Do you feel like you have a point of view on how Bitcoin and Crypto are being received in Latin America in general?
Yes, based on what I see on the internet the subject is growing in popularity a lot in Latin America, especially in Argentina and Mexico. Mexico is the economic epicenter of Latin America, so if something grows in the region, it usually starts in Mexico. I’ve seen it in Forex, I’ve seen it in Marketing networks, I’ve seen it with streamers and YouTubers. That’s the trend — it starts in Mexico, most often in DF, and then spreads to the rest of Latin America.
Do you have any final thoughts?
I’ve grown up watching my family and friends suffer from a deteriorating economy, and I’ve been personally affected by it. This is what gave me the impulse to find economic freedom and to look for a way to bring freedom to other people.
Being in a small country makes it easier to see the whole economic situation up close, and how it affects the people. I feel like crypto and blockchain for everything — elections, medicine, education, economics, has to be implemented for the benefit of the community and society. The society of the future will have more blockchains ensuring everything is fair and equitable for everyone.
What you said there at the end makes me reflect on how many people accuse Bitcoin of being a speculative instrument for the rich. But what you’re saying is the opposite. It helps those with fewer opportunities, or who live under dysfunctional governments more than it helps the wealthy in other countries. I don’t feel like I really understood that before.
Yes, that’s right.
My experience with Alejandro confirmed exactly what I had suspected: Bitcoin promotes an understanding of freedom that conceptually breaks people out of their country’s economic system and allows them to imagine it as more free, just, inclusive and transparent.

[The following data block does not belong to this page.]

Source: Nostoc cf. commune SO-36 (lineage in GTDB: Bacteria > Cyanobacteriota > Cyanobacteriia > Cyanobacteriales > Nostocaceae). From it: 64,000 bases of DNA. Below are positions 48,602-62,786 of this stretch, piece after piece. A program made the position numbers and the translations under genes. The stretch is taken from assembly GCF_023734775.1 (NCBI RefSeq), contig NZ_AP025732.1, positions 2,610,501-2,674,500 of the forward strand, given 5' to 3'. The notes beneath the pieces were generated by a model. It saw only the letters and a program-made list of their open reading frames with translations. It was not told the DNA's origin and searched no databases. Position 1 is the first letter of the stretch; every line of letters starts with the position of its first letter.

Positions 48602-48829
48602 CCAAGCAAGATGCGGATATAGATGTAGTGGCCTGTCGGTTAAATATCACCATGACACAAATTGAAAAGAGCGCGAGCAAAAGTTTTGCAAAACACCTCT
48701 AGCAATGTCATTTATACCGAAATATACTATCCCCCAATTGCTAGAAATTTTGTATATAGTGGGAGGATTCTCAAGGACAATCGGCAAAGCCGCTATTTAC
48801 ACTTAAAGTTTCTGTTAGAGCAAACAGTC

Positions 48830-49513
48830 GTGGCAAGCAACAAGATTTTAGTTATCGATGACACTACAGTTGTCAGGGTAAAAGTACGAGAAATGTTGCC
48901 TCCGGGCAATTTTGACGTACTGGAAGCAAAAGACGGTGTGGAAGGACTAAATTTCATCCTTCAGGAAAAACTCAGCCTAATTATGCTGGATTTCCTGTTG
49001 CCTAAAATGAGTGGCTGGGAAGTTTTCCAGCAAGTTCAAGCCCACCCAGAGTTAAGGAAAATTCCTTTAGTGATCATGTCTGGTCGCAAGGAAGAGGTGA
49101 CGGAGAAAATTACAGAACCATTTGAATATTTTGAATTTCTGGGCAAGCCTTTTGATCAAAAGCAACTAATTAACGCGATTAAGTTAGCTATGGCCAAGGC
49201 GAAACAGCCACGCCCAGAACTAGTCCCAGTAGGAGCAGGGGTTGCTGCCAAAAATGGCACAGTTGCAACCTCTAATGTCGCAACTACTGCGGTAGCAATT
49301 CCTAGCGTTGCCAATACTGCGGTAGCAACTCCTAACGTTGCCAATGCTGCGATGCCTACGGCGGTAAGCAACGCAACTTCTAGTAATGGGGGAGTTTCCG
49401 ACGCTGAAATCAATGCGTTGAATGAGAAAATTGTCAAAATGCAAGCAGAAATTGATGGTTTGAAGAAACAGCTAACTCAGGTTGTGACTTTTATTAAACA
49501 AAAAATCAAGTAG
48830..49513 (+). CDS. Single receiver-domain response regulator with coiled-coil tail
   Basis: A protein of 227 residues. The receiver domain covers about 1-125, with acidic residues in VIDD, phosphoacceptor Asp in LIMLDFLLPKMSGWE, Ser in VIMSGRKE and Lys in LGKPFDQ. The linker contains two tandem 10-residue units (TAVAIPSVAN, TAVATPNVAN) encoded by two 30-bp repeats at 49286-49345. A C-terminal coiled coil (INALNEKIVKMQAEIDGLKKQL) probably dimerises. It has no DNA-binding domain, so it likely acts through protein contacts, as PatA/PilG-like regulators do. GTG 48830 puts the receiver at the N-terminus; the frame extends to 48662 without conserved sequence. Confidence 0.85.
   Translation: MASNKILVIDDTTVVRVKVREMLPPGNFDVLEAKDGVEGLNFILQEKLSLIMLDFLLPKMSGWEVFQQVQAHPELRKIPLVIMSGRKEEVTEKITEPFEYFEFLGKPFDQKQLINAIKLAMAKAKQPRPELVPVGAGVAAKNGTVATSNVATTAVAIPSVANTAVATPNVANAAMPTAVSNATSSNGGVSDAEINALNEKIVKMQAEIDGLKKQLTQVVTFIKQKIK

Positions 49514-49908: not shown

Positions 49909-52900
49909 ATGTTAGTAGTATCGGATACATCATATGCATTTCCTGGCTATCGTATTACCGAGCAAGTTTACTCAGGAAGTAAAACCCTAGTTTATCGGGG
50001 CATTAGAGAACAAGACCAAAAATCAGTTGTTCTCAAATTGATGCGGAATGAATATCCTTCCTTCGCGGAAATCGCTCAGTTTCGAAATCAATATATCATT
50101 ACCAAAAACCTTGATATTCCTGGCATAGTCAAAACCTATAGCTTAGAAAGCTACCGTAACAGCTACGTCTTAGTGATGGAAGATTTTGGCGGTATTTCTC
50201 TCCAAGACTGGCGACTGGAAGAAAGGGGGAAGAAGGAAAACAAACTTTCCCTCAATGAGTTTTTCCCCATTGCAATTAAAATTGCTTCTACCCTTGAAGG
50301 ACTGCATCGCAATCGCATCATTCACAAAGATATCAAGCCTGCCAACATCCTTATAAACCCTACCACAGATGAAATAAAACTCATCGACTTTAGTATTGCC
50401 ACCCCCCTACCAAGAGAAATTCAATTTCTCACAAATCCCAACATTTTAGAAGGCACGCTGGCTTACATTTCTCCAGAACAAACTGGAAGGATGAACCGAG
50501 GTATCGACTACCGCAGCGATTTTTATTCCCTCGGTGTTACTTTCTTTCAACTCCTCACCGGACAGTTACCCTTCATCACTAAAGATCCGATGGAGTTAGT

My long term prediction is that this mentality, which is growing in the minds of tens of millions of people actively engaged with Bitcoin and crypto around the globe, will be the basis for our governments of the future. Transparency, accountability, and fairness won’t just be buzzwords, but real goals that can be set and enforced democratically by code.
This is still a long way off. But when a new technology allows a young college drop-out in a small fishing town to make money and learn about economic freedom for himself and others, we’re on the right path.
Thank you for reading.
You can follow Alejandro on Instagram
Matt Harder runs the civic engagement firm Civic Trust, where he guides cities in re-building their civic infrastructure by helping residents, civic organizations, and local government co-create public projects. He is also a passionate Bitcoiner. Follow him on Twitter.